8 of 8 people found the following review helpful
on 19 February 2005
What a tale Engelbert has to tell, and how entertaining is the way he tells it; it's been a life full of twists and turns, and he writes it all, with all the bumps and bruises along the way.
From his childhood in Madras, India, where he lived through the violence of pre-Independence terrorism, to the many hardships of trying to make it as a singer, which were made that much tougher by the ever-present "couch-casting" that went on, a form of getting ahead that he would not participate in...and its prevalence explains why many of the untalented seem to "make it", if only for a season, while some of the really gifted have a rough time getting noticed.
Engelbert's rise to stardom was meteoric, with the single song of "Release Me" in 1967, and he went from living in a sparsely furnished flat into the lap of luxury, and all the pitfalls that come with fame and fortune.
Through it all, he has had Patricia, or Popea, as he calls her, with him since the early days. Beautiful as well as intelligent and strong, she's been the one that has kept the family of 3 boys and one girl (the stunning and talented Louise Dorsey) together, and "stood by her man" through thick and thin. Popea writes a portion of Chapter Fifteen with gritty honesty, and explains how, and why, she withstood the many women, the paternity suits, and all the paparazzi that hounded them through those many years of notoriety.
The women, as Engelbert explains, were an "occupational hazard", certainly not helped by his years of lonely nights and hard drinking on the road, and the many females who would make themselves exceedingly available.
Engelbert comes off as an extremely complex individual, but very likeable. A perfectionist in his work, living life to the fullest, and discovering in his later years that he has the gift of healing; this assertion I believe, as I find that the sound of his voice can have curative effects.
There are portions that are laugh-out-loud funny (like the UFO story in Chapter Seventeen), and adding to the charm of his writing style is some of the "Brit-speak" slang, with expressions like the now rarely heard "grotty" (a favorite word of mine coined by George Harrison in the '60s).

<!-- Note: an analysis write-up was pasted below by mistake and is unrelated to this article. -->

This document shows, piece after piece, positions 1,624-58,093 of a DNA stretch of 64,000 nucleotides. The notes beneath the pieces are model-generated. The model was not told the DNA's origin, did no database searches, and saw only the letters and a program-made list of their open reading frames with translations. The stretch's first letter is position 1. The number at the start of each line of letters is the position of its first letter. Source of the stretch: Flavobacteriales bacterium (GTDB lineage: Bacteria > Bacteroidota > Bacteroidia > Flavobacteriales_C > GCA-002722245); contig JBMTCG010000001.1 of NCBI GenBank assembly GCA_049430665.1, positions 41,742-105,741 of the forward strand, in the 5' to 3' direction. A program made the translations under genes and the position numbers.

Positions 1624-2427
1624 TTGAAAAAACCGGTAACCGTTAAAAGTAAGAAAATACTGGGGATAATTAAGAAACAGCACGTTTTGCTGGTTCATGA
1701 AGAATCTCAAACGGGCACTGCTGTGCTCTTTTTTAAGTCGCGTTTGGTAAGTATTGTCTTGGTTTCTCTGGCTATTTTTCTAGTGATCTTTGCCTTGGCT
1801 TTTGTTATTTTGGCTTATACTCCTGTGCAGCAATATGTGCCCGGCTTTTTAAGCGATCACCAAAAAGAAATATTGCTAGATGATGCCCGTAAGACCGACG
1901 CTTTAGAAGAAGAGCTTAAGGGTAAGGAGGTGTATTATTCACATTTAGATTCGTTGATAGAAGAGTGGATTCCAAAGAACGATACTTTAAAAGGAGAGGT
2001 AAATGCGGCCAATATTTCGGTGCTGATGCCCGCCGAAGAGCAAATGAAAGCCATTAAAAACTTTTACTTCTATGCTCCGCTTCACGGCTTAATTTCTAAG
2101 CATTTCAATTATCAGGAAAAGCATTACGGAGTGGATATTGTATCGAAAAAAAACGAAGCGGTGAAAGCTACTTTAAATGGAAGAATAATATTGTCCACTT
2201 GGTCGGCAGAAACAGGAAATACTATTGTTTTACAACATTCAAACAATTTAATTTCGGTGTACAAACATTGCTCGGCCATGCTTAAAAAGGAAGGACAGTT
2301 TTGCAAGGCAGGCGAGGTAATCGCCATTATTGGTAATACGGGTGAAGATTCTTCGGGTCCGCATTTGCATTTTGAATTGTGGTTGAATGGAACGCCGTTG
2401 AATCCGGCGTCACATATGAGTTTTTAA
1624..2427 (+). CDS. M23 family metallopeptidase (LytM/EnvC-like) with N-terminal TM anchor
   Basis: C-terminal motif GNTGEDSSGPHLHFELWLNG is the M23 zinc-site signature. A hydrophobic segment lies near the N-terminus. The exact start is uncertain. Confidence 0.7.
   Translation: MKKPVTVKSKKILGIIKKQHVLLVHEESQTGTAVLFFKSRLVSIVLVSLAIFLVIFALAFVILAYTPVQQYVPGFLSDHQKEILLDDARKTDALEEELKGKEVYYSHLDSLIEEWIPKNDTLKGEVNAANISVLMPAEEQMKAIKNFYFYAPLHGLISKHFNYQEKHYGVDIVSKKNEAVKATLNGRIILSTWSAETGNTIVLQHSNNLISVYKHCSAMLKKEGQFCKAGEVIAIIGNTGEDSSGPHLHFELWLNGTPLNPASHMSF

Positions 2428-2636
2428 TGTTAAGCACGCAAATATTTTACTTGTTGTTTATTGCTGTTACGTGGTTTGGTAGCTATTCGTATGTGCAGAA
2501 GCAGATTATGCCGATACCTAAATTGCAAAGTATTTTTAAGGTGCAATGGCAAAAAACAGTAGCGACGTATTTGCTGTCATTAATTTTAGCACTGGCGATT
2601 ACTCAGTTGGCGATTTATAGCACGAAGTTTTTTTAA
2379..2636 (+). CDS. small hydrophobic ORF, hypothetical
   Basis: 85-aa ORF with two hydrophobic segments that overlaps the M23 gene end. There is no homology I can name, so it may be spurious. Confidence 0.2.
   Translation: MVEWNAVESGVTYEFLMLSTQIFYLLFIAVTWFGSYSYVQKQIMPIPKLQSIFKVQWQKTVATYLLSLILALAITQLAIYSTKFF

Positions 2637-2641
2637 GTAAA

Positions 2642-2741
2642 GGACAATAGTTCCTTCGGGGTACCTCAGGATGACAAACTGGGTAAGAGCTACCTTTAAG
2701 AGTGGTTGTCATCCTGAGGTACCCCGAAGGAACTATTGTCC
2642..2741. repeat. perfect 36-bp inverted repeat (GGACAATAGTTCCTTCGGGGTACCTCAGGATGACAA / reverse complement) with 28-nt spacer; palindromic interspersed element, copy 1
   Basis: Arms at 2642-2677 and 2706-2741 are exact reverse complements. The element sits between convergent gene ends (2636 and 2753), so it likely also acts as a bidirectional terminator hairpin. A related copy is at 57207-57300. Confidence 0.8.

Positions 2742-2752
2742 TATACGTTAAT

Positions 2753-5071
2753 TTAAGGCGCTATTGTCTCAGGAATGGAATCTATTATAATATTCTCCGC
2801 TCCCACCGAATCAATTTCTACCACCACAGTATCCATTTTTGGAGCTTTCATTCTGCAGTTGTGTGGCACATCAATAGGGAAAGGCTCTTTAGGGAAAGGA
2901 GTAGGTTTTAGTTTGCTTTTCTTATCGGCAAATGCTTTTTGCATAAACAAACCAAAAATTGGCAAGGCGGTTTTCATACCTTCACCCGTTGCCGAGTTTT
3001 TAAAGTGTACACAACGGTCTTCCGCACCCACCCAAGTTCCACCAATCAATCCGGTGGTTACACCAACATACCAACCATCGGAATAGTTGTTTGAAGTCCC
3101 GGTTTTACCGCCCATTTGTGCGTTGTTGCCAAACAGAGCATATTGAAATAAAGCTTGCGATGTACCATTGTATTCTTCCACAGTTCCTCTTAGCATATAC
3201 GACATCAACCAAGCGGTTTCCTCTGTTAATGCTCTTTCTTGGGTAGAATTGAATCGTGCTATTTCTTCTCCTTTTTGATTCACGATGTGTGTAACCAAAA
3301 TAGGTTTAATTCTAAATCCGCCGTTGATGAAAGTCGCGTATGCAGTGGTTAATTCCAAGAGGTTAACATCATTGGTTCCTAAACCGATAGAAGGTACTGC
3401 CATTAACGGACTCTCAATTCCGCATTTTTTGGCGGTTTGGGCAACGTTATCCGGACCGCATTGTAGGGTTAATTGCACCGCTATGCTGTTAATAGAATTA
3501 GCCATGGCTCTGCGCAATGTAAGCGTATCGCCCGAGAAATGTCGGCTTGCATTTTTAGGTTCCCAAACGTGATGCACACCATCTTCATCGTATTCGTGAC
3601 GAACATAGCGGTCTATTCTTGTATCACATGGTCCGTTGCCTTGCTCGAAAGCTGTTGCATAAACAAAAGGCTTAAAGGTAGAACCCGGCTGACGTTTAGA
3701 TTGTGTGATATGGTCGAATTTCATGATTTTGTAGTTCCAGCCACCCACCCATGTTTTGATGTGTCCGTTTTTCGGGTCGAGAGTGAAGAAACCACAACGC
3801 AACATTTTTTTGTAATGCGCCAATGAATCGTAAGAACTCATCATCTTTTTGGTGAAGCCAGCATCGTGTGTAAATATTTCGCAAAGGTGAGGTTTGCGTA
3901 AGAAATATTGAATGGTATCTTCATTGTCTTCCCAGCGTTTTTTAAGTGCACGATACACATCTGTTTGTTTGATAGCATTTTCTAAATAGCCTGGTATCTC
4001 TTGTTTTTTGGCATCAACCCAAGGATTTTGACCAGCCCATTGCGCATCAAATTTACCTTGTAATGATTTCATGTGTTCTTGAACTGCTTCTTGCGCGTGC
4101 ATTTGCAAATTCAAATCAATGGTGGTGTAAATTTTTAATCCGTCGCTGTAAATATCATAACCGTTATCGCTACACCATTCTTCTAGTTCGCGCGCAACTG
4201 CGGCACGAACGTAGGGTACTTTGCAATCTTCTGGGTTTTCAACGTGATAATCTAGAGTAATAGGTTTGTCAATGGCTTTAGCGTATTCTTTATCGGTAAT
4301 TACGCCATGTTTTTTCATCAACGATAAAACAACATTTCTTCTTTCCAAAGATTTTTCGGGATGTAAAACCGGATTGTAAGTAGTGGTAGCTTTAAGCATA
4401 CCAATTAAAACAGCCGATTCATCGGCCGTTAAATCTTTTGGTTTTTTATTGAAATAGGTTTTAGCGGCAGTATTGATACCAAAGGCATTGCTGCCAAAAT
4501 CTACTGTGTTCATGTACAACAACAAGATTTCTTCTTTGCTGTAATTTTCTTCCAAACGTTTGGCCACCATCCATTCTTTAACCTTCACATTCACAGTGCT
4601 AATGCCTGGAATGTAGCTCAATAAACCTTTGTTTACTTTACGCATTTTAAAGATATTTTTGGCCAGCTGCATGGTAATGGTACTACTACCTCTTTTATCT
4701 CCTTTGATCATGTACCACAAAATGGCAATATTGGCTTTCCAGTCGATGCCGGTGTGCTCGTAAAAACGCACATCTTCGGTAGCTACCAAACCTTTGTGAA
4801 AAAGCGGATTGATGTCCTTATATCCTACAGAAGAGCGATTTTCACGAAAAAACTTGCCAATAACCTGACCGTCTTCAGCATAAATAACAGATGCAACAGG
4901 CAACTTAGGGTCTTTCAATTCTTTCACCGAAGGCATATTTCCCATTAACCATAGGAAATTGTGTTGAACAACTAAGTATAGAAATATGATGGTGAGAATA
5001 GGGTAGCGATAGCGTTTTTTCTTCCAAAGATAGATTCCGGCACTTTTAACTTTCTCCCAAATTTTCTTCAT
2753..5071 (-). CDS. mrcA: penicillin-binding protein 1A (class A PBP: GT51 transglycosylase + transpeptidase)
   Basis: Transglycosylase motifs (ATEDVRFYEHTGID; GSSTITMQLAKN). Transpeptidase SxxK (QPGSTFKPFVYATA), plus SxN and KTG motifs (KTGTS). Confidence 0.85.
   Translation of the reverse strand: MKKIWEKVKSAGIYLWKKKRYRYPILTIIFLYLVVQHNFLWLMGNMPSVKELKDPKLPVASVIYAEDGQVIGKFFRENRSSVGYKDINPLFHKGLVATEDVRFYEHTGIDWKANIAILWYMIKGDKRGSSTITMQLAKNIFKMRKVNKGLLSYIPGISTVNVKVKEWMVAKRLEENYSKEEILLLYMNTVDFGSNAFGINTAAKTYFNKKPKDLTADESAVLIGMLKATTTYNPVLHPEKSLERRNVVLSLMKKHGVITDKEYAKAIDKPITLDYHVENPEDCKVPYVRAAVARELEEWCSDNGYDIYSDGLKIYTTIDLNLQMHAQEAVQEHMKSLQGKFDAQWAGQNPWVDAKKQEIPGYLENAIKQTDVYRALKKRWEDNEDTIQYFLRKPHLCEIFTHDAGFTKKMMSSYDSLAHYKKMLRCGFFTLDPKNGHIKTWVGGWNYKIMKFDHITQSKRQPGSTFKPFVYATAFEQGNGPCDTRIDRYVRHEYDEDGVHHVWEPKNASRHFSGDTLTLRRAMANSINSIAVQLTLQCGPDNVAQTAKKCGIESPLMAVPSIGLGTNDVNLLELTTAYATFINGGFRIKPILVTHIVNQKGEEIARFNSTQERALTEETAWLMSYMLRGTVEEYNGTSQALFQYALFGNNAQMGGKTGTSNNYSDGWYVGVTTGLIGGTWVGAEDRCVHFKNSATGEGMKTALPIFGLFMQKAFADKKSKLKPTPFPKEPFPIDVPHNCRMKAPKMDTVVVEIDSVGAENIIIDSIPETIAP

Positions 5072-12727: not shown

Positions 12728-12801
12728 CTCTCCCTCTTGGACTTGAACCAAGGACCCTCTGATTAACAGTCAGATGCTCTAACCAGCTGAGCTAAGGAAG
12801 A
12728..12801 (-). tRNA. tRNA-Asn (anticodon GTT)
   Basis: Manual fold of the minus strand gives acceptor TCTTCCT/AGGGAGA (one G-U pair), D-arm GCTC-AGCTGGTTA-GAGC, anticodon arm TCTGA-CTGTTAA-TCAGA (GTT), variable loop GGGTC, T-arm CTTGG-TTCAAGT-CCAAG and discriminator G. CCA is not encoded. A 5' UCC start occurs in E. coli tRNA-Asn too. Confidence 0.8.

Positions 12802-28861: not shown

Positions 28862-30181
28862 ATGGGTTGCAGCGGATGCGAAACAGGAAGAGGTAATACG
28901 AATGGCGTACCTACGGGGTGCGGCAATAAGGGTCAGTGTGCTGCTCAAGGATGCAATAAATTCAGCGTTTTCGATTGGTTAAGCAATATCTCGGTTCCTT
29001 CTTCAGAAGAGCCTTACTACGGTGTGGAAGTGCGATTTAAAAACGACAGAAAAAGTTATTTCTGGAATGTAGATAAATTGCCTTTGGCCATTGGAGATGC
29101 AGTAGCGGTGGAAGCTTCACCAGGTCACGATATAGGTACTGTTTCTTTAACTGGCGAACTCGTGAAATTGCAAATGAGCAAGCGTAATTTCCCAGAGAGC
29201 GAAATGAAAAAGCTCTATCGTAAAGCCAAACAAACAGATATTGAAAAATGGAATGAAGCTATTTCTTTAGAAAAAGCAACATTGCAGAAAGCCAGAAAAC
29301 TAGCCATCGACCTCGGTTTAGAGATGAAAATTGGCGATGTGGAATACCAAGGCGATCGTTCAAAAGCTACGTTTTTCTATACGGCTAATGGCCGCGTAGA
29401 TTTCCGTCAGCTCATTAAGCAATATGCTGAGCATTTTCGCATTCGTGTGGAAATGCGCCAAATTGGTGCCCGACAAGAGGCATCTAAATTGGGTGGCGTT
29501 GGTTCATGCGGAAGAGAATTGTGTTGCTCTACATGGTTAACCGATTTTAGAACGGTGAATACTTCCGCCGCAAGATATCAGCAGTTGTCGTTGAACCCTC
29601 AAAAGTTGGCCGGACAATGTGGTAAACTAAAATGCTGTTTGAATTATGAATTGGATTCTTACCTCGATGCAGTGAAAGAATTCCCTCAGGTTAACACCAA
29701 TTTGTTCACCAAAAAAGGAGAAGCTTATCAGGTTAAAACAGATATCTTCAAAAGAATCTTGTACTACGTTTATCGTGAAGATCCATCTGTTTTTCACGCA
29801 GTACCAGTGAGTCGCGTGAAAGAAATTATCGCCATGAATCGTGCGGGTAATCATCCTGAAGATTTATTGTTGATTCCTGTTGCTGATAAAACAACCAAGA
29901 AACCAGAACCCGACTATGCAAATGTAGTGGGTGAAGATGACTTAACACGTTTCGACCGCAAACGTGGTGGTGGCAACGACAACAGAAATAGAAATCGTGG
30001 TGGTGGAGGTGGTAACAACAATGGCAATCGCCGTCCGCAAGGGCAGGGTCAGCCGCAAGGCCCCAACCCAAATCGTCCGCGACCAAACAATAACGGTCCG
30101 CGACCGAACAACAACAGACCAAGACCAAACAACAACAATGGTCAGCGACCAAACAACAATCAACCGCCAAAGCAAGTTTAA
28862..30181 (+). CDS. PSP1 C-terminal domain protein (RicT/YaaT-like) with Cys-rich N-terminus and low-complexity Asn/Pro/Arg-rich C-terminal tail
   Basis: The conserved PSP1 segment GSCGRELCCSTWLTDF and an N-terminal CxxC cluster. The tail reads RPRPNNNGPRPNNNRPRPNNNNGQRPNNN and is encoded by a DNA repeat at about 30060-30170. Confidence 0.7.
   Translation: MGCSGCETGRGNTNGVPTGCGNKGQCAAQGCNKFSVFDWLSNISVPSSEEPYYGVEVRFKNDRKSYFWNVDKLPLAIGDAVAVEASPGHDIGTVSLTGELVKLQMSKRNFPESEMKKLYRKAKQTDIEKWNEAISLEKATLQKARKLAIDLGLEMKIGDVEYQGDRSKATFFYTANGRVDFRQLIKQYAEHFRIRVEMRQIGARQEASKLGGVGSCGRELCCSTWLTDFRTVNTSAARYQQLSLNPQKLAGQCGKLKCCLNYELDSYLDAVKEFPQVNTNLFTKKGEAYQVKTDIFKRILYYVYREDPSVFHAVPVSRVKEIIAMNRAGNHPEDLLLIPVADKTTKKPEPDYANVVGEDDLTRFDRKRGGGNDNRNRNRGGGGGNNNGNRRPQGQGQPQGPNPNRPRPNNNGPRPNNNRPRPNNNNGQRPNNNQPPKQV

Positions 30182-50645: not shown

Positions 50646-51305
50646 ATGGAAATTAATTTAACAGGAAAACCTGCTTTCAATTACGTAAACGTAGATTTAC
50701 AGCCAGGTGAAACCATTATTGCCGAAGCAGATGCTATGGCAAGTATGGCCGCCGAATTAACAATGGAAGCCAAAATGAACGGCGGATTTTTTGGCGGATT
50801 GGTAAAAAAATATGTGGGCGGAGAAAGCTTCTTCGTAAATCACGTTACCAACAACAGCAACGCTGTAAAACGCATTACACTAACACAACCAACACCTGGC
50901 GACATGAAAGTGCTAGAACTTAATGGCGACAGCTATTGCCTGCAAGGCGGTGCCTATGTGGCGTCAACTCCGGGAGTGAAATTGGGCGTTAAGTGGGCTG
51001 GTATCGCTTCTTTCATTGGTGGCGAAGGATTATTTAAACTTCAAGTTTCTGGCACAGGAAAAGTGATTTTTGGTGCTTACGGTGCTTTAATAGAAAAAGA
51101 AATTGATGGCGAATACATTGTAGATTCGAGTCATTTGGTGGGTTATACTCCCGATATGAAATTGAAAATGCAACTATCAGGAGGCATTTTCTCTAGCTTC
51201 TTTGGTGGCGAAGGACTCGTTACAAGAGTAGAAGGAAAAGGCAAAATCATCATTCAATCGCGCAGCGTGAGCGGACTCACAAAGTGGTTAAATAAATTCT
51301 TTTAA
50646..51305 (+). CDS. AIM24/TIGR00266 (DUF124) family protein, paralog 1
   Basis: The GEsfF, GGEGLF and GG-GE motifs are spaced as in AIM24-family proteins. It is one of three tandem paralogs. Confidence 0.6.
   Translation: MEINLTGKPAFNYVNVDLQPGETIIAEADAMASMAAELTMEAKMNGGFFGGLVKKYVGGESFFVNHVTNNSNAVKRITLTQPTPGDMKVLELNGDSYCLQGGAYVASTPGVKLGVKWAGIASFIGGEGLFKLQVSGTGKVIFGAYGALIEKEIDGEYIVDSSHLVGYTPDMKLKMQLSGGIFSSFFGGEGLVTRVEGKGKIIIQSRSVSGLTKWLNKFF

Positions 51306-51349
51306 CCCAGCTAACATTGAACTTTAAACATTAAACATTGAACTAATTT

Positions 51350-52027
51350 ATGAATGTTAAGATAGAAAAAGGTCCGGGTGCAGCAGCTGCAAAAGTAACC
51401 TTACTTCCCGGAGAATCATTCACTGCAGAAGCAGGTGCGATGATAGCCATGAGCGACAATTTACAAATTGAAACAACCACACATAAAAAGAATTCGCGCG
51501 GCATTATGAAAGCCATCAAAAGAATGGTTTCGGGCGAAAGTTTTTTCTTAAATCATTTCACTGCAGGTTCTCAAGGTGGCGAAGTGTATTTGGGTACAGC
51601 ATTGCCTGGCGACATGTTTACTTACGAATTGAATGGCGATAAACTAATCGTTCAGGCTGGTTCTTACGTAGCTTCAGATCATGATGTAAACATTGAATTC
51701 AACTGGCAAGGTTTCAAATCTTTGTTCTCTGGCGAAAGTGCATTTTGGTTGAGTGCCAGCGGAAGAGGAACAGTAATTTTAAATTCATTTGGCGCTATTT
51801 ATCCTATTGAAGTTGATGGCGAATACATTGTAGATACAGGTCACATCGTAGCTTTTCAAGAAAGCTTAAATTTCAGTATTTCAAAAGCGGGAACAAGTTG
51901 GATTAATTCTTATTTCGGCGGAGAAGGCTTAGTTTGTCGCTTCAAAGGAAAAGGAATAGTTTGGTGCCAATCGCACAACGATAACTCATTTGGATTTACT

The book has two sections of photographs, from the age of 17 on. Favorites of mine are the one with Muhammad Ali, and a lovely family shot taken by the pool in one of their USA homes, affectionately named "The Pink Palace".
The final 12 pages are devoted to a UK discography, and include chart positions.
This is fast reading, and riveting, so walk the dog, feed the cat, turn off the telephone, and make yourself a big cuppa, because once you open this book, its going to be very hard to put down.
7 of 8 people found the following review helpful
on 30 October 2004
I received my copy of Engelbert: What's In A Name? - The Autobiography.........yesterday, and have already read it from cover to cover. It is a very well written, forthright, honest and revealing portrayal of the trials and tribulations of one of the worlds best entertainers.
Engelbert shares with his readers, the brutal competition one must face, trying to make their mark in the world of show business. It is a story that brings tears to ones eyes, but at the same time there is much humor, as he tells of pranks,jokes and tricks played on each other, as all involved try to get through the frustrating periods of hurry up and wait! It is a love story that remained constant, no matter what hurdle appeared on the path of life.I recommend it highly, not just for fans of Engelbert and his Music, but for all who share the love of the entertainment world. I thank the publisher, the woman who assisted in setting up the format, Amazon Books, for getting my copy in the mail so quickly, and certainly, last but not least, Engelbert and his family for allowing all of us to have an inside peek as he struggled to reach that seemingly unreachable star.....and he did it his way!